At the level of characters w/in the game itself, it is important to note that in the dénouement your character becomes a “Legend,” literally “The Shepherd.” The obvious Christian reference aside, she is still deified. So, it should be presumably clear that the next installment in the ME universe will probably be in the (quite distant) future. Either way, the distinct endings one might receive at the end of ME3 imply different universesthat one might import to a future title. Whatever universe might be possible, it is still a universe defined by the decision you, as a player, made. Yes, this decision was boiled down to three simple options. But that was the point. The entire game had presented your options in black-and-white terms. You could either decide to be a paragon or a rebel. So in one sense, the introduction of this third way, this other path, is the point.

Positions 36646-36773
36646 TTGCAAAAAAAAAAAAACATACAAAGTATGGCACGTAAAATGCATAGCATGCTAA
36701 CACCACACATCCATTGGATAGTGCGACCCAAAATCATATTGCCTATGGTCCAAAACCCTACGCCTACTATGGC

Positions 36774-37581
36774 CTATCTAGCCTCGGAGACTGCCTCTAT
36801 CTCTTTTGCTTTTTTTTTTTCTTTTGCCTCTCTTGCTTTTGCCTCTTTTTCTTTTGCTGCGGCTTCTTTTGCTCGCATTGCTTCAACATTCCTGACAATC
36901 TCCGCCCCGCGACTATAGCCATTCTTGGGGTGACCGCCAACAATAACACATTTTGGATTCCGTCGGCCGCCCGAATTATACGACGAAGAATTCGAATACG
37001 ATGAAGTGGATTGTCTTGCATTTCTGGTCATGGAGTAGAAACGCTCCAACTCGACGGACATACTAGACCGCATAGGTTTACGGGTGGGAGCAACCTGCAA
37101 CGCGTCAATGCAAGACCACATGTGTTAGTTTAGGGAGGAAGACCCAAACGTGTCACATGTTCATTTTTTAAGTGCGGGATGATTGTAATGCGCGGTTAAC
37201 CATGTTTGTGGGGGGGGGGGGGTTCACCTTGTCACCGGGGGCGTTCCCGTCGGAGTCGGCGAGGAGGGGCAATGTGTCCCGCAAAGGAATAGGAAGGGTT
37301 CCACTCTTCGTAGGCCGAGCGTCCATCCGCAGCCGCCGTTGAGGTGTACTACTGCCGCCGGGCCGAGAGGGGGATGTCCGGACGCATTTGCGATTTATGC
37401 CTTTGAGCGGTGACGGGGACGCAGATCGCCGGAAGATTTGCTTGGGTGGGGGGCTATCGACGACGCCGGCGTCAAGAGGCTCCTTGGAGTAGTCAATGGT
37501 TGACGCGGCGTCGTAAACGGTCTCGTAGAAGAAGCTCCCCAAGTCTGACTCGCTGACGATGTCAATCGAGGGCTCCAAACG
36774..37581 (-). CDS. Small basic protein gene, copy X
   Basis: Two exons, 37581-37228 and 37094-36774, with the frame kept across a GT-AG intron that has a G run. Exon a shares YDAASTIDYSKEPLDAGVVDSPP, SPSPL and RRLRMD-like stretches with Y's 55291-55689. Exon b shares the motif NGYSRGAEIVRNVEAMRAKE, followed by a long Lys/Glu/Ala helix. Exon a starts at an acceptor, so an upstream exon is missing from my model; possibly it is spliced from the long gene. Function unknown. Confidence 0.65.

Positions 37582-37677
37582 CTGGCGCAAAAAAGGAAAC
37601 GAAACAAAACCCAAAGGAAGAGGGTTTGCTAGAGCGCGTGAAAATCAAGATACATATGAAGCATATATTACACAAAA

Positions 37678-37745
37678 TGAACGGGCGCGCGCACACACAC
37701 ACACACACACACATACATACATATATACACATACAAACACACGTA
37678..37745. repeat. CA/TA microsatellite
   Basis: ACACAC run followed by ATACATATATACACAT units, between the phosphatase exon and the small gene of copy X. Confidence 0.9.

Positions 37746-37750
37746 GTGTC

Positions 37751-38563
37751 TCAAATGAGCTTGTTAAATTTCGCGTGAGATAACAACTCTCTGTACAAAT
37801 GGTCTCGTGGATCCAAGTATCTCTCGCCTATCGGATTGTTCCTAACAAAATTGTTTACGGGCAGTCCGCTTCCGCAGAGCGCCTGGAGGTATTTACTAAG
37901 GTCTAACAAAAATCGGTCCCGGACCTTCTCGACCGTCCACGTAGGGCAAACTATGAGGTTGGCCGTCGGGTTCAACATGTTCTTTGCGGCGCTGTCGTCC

One way of reading the questions of choice and free will the game presents, then, is to understand that Shepherd’s coming into true consciousness (rather than, say, her considerable athletic intelligence) happens as a result of her realization that there are more than two options to solve a particular problem. The “difficult” decisions you were forced into throughout the game were rarely a decision between a clearly correct and incorrect path, let alone a “good” and “evil” path, to the game’s credit. Regardless of the ethical complexity constantly confronting the player, however, whatever you did choose to do put you a step closer to the end. No matter the decision, the game was overwhelmingly teleological. No matter what you did, really, the end was always contained in the beginning, even if you made considerably different decisions to get to the final scene. This, unless I’m incorrect, doesn’t really resemble anything like true choice. Shepherd, even though she is “you,” is still an archetypal hero. So one might suggest that only where fate led her was where a real choice presents itself. And of course this still isn’t much of a choice at all, but is the one choice beyond which you as a character cannot go, the choice w/ the most massive effects on the galaxy. And this choice is whether to blow something up, jump into a laser, or take control of the Reapers.